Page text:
A quick COLA catch-up

Consumer prices are going up and up, which is a good sign if you're hoping for a high cost of living adjustment next January.

Retirees won’t know what their annual cost of living adjustment for next year is until October, when the Social Security Administration makes the announcement.

But that hasn’t stopped anyone in the past from speculating or feverishly tracking the latest Bureau of Labor Statistics data. Especially now, when everything from used cars to lumber prices are driving inflation worries.

Cost of living adjustments, more affectionately known as COLAs, are designed to keep federal, military and Social Security recipients current with inflation as measured by the Bureau of Labor Statistics Consumer Price Index for Urban Wage Earners and Clerical Workers, or CPI-W.

Federal retirees haven’t seen a significant COLA in some time, but there are signs that could change in 2022.

The CPI-W went up another 1.1% last month, and it’s up 6.1% since last June, the Bureau of Labor Statistics said last week.

Why does this matter?

COLAs are based on a formula set in law, which compares the CPI-W from the third quarter of the current year to the previous year’s third quarter. The latest from BLS could point toward the trajectory of the CPI-W for the next three months.

For what it’s worth, Treasury Secretary Janet Yellen predicted “several more months of rapid inflation” in an interview with CNBC last week.

If that continues into July, August and September, retirees are in for a healthy cost of living adjustment starting next January, at least compared to recent years.

Here’s a quick recap of COLAs over the last decade, according to SSA:

  • 2021: 1.3%
  • 2020: 1.6%
  • 2019: 2.8%
  • 2018: 2%
  • 2017: 0.3%
  • 2016: 0%
  • 2015: 1.7%
  • 2014: 1.5%
  • 2013: 1.7%
  • 2012: 3.6%
  • 2011: 0%

We have to go back to 2009, when retirees got a 5.8% cost of living adjustment, and back to the early 1980s for a COLA that cracked the 5-to-6% range.

Retirees in 1980 got a whooping 14.3% COLA and an 11.2% adjustment the following year. Things didn’t settle down until 1984, when the annual cost of living adjustment dropped to 3.5%.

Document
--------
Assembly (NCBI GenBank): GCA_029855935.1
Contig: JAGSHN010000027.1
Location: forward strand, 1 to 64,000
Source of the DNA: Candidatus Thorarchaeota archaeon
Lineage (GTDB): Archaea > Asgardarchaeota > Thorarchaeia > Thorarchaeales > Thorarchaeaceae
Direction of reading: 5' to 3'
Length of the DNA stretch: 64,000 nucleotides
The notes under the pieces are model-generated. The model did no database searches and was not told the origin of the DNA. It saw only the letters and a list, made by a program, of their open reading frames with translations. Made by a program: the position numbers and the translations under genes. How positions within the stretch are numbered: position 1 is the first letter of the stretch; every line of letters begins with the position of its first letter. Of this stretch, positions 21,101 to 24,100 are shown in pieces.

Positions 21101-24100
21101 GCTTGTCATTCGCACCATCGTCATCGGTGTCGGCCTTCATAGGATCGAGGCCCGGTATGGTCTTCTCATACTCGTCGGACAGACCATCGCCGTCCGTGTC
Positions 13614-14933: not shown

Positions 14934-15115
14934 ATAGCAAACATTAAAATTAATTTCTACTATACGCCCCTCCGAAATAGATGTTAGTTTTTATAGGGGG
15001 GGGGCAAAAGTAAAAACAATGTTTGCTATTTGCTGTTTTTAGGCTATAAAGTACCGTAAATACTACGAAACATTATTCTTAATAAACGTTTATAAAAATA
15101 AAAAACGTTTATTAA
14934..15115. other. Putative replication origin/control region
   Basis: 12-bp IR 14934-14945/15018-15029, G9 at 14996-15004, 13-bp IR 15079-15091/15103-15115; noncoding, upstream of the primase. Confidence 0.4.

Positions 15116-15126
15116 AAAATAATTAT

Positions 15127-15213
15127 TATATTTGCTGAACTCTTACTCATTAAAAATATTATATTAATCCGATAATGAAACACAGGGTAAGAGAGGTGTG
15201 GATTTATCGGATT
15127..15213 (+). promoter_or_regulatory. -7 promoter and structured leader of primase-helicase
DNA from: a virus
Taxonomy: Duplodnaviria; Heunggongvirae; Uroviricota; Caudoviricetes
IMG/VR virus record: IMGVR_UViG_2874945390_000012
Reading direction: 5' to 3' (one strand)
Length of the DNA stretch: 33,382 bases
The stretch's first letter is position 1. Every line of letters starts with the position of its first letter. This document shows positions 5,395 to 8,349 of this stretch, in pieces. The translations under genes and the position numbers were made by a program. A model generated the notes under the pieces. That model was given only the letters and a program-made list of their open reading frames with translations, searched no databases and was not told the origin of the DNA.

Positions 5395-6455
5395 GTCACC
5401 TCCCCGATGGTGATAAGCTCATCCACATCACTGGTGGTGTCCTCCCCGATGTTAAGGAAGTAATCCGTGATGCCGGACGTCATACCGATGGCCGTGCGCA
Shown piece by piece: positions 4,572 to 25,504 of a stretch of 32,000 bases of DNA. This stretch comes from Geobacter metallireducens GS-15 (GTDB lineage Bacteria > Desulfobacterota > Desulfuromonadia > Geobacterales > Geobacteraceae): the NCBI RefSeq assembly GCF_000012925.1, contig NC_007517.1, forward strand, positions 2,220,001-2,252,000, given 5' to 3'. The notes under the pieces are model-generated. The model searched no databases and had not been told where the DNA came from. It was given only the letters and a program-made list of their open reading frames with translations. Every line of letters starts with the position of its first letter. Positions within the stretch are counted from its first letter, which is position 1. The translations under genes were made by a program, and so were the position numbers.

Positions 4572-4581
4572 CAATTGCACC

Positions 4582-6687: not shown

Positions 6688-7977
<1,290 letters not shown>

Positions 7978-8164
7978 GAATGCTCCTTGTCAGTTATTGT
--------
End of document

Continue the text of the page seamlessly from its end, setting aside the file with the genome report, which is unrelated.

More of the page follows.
I won’t throw out any concrete predictions, but retirees are almost certainly looking at a higher COLA than the current year, one that cracks the 2% range, if not 3% or higher.

That, of course, will prompt diet COLA concerns for some federal retirees.

Remember, those in the Civil Service Retirement System (CSRS) will get the full COLA, whatever the number is.

But if the COLA falls between 2-to-3%, those in the Federal Employees Retirement System (FERS) will automatically receive a 2% adjustment. If the COLA is anywhere above 3%, FERS participants will receive an adjustment that’s 1% less than the announced cost of living adjustment.

So let’s just say for the purposes of setting an example, SSA announces a 6.1% cost of living adjustment for next year. CSRS retirees will get the whole thing, while FERS participants will see a 5.1% adjustment.

Meantime, a handful of members of Congress have tried for years to take the diet COLA off the menu.

Rep. Gerry Connolly (D-Va.) reintroduced legislation back in January, which would essentially allow CSRS and FERS retirees to both receive the same, full cost of living adjustment each year. He’s introduced similar bills several times in recent years, but they’ve never made it out of the House.

Others members have proposed changing the COLA recipe altogether.

Rep. John Garamendi (D-Calif.) reintroduced a bill earlier this month that would use the Consumer Price Index-E, for elderly, as the basis for the annual cost of living adjustment.

Both indices track the prices of everyday goods and services, as well as housing, transportation and other costs, but the CPI-E gives greater weight to health care, prescription drug and other medical expenses, factors that, theoretically, may matter more to retirees. The theory is that using this index would lead to higher COLAs for retirees.

Garamendi’s bill has nearly two dozen cosponsors, but the fight for a new COLA formula is a long one, and there’s no clear end in sight.

For now, it’s best to keep an eye on the same old ingredient we use every year to calculate the COLA, and it’ll only grow more interesting in the coming months.

Nearly Useless Factoid

By Alazar Moges

The International Committee of the Red Cross, based in Switzerland, is the only three-time recipient of the Nobel Prize. The organization was recognized with the Peace Prize in 1917, 1944 and 1963.

Source: Nobel Prize Organisation

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